Hit by massive drill collapse, Astra Tower will be delayed. But for how long?

The operator of a massive drill rig that collapsed on the site of Utah’s future tallest skyscraper is recovering, and a team is investigating both the cause and the potential delay that Tuesday night’s accident will have on the construction of Astra Tower. 

The rig toppled over Tuesday night onto one of the city’s busier areas. One person — the drill rig’s operator — was injured in the incident.

It’s too soon to say what kind of setback the incident will have on the project, which was already delayed during a boundary dispute with a neighboring business. But based on similar incidents in other states, it’s possible the incident causes yet another delay in construction past the time it will take to clean up the wreck.

“Any impacts to project schedule are currently unknown,” said Amy Christensen, a spokeswoman for Jacobsen Construction, which is overseeing work on Astra Tower.

The rig fell over Tuesday night as the subcontractor was preparing soil for work on the foundation of the 40-story tower at 200 S. State St. A rig extension smashed two unoccupied cars on State Street after falling.

The operator fractured his lower back but won’t require further treatment other than rest, and was expected to head home Wednesday night.

As for the impact on construction, it was too soon to say what impact the incident would have on Astra.

“Currently we are focused on reviewing the cause of the incident,” Christensen said, “but in the coming days we will take a more comprehensive look at potential impacts to task sequences and other scheduling considerations in need of adjustment.”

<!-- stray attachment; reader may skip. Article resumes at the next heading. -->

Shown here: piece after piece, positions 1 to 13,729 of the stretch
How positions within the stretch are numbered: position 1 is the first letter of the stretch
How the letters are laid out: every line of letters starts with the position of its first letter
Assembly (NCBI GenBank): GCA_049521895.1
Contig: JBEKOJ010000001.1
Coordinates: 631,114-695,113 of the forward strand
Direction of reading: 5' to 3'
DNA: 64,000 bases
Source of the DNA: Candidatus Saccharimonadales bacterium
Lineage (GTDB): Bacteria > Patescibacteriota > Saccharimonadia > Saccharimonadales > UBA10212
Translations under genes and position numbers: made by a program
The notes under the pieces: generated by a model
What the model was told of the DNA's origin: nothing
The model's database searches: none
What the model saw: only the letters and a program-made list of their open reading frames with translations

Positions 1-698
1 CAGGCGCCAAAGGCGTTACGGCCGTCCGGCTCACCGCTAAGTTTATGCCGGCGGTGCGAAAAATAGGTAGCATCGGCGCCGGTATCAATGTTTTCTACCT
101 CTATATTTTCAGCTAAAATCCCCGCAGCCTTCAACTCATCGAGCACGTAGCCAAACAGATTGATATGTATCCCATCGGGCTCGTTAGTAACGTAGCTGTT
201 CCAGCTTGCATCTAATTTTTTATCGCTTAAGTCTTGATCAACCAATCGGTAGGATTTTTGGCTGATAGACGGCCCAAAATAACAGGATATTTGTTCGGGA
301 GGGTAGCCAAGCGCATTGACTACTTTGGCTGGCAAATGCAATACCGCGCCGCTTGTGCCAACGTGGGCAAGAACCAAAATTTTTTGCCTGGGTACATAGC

Fox13 News’ Nate Carlisle reported Wednesday that the state Utah Occupational Safety and Health would investigate the incident, as well.

Photos by Luke Garrott.

A fatal crane crash in British Columbia led to a three-month delay before work continued on a high-rise in Kelowna. 

Another fatal crash in New York City could have led to a three-month delay, but the city in that instance revoked the construction permit of the firm.

In Utah, it will take time to right the massive rig after investigating what went wrong on a breezy, late-winter night this week. The machine remained down on Wednesday afternoon as the public sought information into what caused such a big piece of machinery to fall across State Street in the center of Downtown Salt Lake City.

The rig’s owner, Morris-Shea, didn’t respond to multiple requests for comment about the incident.

Jacobsen paused all work while reviewing what happened. 

Astra’s drill rig is one of two that have recently been erected in Downtown Salt Lake City, as teams have recently begun work on skyline-changing residential towers.

Another, at 200 E. 300 S., was recently erected and is preparing to start work on what is being called Convexity Tower.

The city is undergoing a rapid transformation, from having a dearth of housing in the Downtown core to an area that will soon have multiple residential towers, if and when they’re completed.

The city’s Downtown area is set to become one of Salt Lake’s most populous neighborhoods in the coming five years.

Among the other projects undergoing work are Liberty Sky, which was one of the city’s first residential high-rises and is nearing completion. Down the street is 255 State, which is well underway after years of delay.

But Astra is to become the state’s impending high water mark. And after a lawsuit and now crash, things haven’t been off to a smooth start.

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Posted by Taylor Anderson

Taylor Anderson grew up near Chicago and made his way West to study journalism at the University of Montana. He's been a staff writer for the Chicago Tribune, Bend Bulletin and Salt Lake Tribune. A move from Portland, Oregon, to Salt Lake City opened his eyes to the importance of good urban design for building strong neighborhoods. He lives on the border of the Liberty Wells and Ballpark neighborhoods.